Plaintiff does not challenge that the requirements of diversity jurisdiction are met; the Parties are diverse and the amount controversy exceeds $75, 000. Rather, Plaintiff makes various procedural complaints-first, the Notice of Removal was untimely. Pursuant to 28 U.S.C. § 1446(b)(1), a defendant ordinarily has 30 days from receipt of the initial pleading to file a notice of removal. However, if “the case stated by the initial pleading is not removable”-as is true here-“a notice of removal may be filed within 30 days after receipt by the defendant . . . of an amended pleading, motion, order or other paper from which it may first be ascertained that the case is one which is or has become removable.” 28 U.S.C. § 1446(b)(3). Plaintiff argues he refused to stipulate in an e-mail on February 28, 2018 that his damages did not exceed $75, 000 and this e-mail constitutes “other paper” from which Defendants could “ascertain[ ] that the case is one which is or has become removable.” (Rec. Doc. 8-2 at 8).

         Plaintiff's argument is basically that his non-committal answer as to the amount of damages tipped his hand as to the amount in controversy, and therefore, the clock started ticking. Plaintiff also points to an e-mail from the Removing Defendants' counsel, which indicates the Defendants already suspected the amount in controversy exceeded the damages threshold. (Rec. Doc. 8-2 at 11) (“[W]e think that this litigation is removable.”). But the Defendants' “subjective knowledge cannot convert a case into a removable action.” S.W.S. Erectors, Inc. v. Infax, Inc., 72 F.3d 489, 494 (5th Cir. 1996). The Fifth Circuit's bright-line rule is that if a plaintiff “wishes the thirty-day time period to run from the defendant's receipt of the initial pleading, ” he must “place in the initial pleading a specific allegation that damages are in excess of the federal jurisdictional amount.” Chapman v. Powermatic, Inc., 969 F.2d 160, 163 (5th Cir. 1992).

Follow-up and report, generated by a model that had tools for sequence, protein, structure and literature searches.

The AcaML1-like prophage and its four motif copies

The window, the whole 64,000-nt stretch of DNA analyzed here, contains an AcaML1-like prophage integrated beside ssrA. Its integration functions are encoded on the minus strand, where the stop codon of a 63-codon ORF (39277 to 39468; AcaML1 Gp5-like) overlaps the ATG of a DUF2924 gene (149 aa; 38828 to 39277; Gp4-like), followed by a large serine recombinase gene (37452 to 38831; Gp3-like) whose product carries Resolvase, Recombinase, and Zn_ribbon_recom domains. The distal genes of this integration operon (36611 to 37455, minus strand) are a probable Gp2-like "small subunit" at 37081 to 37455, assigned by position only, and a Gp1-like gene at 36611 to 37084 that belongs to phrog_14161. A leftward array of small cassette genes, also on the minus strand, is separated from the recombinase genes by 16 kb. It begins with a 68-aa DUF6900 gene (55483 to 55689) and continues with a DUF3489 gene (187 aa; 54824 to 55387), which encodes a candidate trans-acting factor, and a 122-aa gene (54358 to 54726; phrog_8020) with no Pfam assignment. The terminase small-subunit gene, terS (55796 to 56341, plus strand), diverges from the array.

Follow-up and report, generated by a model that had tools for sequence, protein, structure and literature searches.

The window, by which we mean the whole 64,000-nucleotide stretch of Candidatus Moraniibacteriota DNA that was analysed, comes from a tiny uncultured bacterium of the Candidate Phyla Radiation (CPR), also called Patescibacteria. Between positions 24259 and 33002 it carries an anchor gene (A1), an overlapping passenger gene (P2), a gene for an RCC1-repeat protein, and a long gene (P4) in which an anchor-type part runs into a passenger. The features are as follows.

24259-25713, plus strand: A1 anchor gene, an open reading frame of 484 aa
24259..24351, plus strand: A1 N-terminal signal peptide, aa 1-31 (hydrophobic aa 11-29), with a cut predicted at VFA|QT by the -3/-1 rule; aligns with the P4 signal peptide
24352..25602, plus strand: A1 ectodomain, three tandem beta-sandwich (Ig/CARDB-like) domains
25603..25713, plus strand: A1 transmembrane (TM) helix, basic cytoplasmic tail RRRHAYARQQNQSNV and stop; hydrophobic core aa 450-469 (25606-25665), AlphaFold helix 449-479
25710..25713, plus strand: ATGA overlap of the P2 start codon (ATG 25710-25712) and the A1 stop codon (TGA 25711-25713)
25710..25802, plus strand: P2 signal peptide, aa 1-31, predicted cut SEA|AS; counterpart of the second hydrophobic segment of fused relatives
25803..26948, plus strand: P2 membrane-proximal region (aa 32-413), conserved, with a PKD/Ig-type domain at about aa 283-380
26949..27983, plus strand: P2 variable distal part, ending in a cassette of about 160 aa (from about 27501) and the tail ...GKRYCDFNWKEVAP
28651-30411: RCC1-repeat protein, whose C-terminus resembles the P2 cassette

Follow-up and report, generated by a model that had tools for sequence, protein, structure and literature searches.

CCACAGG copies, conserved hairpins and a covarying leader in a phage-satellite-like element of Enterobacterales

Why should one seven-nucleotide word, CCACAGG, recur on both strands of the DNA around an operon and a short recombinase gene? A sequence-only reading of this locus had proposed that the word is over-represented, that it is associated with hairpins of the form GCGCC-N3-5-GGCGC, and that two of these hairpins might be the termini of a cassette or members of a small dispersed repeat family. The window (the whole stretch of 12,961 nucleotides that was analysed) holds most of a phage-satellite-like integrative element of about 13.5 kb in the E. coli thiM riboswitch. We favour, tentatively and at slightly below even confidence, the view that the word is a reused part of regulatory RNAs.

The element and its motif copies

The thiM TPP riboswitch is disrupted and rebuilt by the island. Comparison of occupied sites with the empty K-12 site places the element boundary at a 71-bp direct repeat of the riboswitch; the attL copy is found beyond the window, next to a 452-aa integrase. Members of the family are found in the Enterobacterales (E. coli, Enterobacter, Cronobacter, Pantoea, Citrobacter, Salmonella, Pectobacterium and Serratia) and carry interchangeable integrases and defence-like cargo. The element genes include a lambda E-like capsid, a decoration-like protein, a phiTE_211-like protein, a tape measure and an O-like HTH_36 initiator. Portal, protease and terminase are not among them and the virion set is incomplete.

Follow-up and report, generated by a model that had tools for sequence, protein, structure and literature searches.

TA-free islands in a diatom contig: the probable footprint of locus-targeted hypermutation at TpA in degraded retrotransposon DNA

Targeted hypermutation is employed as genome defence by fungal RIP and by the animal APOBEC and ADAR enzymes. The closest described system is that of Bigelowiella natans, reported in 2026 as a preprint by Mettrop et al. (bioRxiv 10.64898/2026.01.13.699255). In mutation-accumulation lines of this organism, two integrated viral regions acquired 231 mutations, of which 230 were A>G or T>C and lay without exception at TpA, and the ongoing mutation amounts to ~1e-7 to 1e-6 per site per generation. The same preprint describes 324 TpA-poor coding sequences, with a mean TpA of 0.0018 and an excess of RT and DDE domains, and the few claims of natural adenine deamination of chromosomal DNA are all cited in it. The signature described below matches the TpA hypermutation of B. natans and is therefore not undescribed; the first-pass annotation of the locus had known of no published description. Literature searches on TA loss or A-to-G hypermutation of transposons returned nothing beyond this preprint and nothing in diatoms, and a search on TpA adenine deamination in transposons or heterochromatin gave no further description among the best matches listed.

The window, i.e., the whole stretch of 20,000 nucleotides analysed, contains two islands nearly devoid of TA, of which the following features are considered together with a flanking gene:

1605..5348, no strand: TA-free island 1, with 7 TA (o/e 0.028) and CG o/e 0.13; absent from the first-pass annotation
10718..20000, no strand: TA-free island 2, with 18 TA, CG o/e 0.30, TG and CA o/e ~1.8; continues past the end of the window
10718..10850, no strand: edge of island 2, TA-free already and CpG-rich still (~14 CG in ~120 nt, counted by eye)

Consistent with that opinion, if Plaintiff wanted to trigger the 30-day deadline by virtue of an “other paper” in the form of his e-mail, Plaintiff should have specifically alleged in the e-mail that damages were in excess of the jurisdictional amount. The Court must not needlessly expend resources inquiring into what the Defendants knew or should have known. See Id. Thus, the Court agrees with the Defendants that the 30-day clock started with the receipt of Plaintiff's medical records on June 26, 2018. See Jacob v. Greyhound Lines, Inc., No. CIV.A. 02-2199, 2002 WL 31375612, at *3 (E.D. La. Oct. 21, 2002) (finding 30-day period was triggered when defendants received discovery ...